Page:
Items tagged "DMCA"
DC DMCA Exemption Hearings at the Copyright Office: Follow along on TwitterMay 6, 2009 Copyright Office , DMCA
Every three years, the Copyright Office holds hearings to listen to commenters suggestions for exemptions to the Digital Millennium Copyright Act’s prohibition on circumvention of access controls. We’ve previously written about the handful of exemptions that the Office has granted (which expire and must be renewed every three years). This year, we’re on the ground and live-twittering what’s going on. Today, Mehan is manning the Public Knowledge twitter account picking out a number of choice quotes and responding to questions.Read More
PK tells the Copyright Office: Technology will enable the blind to access more informationApril 22, 2009 DMCA , DRM
What does access to information mean to you?: the ability to read your newspaper – physical or online – every day?; the ability to go to a book store and buy your favorite author’s book?; the ability to read professional publications to advance your career? Most of us rely on these sources and more to keep ourselves informed and participate in society. But for the blind and the visually impaired access to information is not easy. Works have to be converted to special formats to enable access. Because copyrights are implicated during the process, copyright law provides certain exceptions enabling the creation of accessible formats.
Are these laws sufficient to allow the blind to read anything they want to? Is the market responding to their needs? The Copyright Office is asking for public comments on these and other questions.Read More
The New York Times yesterday ran an article detailing some of the debates around three-strikes laws, such as the one recently rejected by the French Parliament. What struck me about the article, though was the way in which it was framed. Here are the opening lines:
Is Internet access a fundamental human right? Or is it a privilege, carrying with it a responsibility for good behavior?
That is the question confronting policy makers as they try to bring Internet access to the masses while seeking to curb illegal copying of digital music, movies and video games.
The United States Congress held hearings last week on the growing problem of piracy, which the American entertainment industry says accounts for the loss of $20 billion a year in sales.Read More
Technology is never inherently bad, it may have bad uses. So we must encourage the good uses and steer from the bad. When hobbyists at mobileread.com wrote a guide for reading legally purchased third-party books on a Kindle, Amazon lawyers demanded the guide’s removal. Instead of encouraging the good uses, Amazon feared the bad and made it worse.Read More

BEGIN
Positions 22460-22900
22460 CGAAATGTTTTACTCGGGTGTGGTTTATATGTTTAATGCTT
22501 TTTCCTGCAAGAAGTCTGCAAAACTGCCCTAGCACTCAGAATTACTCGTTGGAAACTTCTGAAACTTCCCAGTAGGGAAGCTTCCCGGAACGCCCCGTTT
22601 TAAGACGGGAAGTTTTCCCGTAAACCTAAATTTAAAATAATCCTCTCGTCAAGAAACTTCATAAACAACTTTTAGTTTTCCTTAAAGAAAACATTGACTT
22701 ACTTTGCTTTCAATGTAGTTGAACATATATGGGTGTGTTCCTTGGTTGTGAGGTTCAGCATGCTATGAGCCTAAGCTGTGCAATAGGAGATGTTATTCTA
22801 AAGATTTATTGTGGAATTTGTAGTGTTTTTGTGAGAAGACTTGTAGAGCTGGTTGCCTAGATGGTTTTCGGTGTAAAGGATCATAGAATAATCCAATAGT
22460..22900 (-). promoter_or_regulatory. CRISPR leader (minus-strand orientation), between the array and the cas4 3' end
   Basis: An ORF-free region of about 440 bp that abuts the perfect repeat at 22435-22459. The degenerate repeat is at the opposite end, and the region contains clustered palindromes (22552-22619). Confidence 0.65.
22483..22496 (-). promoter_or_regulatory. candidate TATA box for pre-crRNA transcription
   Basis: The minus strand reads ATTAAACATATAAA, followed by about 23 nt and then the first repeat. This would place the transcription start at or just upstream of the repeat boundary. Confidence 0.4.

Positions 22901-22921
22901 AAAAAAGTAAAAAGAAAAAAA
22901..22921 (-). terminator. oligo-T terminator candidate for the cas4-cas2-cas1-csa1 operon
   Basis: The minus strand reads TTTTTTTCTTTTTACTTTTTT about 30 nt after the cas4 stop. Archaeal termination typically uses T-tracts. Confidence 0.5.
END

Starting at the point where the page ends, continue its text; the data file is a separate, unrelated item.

Public Knowledge recently filed comments with the Federal Trade Commission (FTC) highlighting the adverse impact of the use of DRM technologies on consumers. Our comment focused on three areas: frustration of consumer expectations, constraining consumer's rights under copyright law, and the use of DRM for anti-competitive purposes.
In view of incidents such as the Sony Rootkit scandal and the Spore incident where DRM was installed on consumers' computer without their knowledge and used to subvert their control, we are suggesting that the FTC put in place a standardized labeling scheme.
We are also hopeful that the agency will recommend further changes to the anti-circumvention provisions of the DMCA so that its harmful effects on consumers will be mitigated. The FTC plans to hold hearings on the issue in Seattle on March 25, 2009. The event is free to the public and will be webcast.Read More
Much blog ink has been spilt over HBO's handling of the Inaugural Concert broadcast. Setting aside the omission of Rev. Robinson from the live broadcast, word is that HBO made YouTube remove people's personal recordings of the concert.
The details of this remain scant, but the ongoing implications of such actions are alarming.Read More
There is a lot of the buzz in Washington about the selection of Julius Genachowski to be the new chairman of the Federal Communications Commission (FCC). Genachowski's expected appointment, while significant, is still one-third of the new telecom line-up that includes three new chairmen in the Senate and House. The result of these seismic changes will be the landscape will be shifting (in some places more than others) beneath the feet of the industries which have heavily influenced the mechanisms of power for so long.
Genachowski went to law school with Barack Obama, worked on the Harvard Law Review and shot hoops with the president-elect. He is the former chief counsel to then-FCC Chairman Reed Hundt, and so was integral to the Commission at the dawn of internet technology. He also went on to work with Barry Diller at IAC and then helped to fund new companies.Read More
“You Got Your Copyright in My Politics!” “You Got Your Politics in My Copyright!”October 29, 2008 DMCA , Fair Use
Matthew Bradley, a photographer, recently received an email noting that an online political ad seemed to be using one of Bradley's Creative Commons-licensed photos without proper attribution.
Bradley has posted a picture of Rep.Read More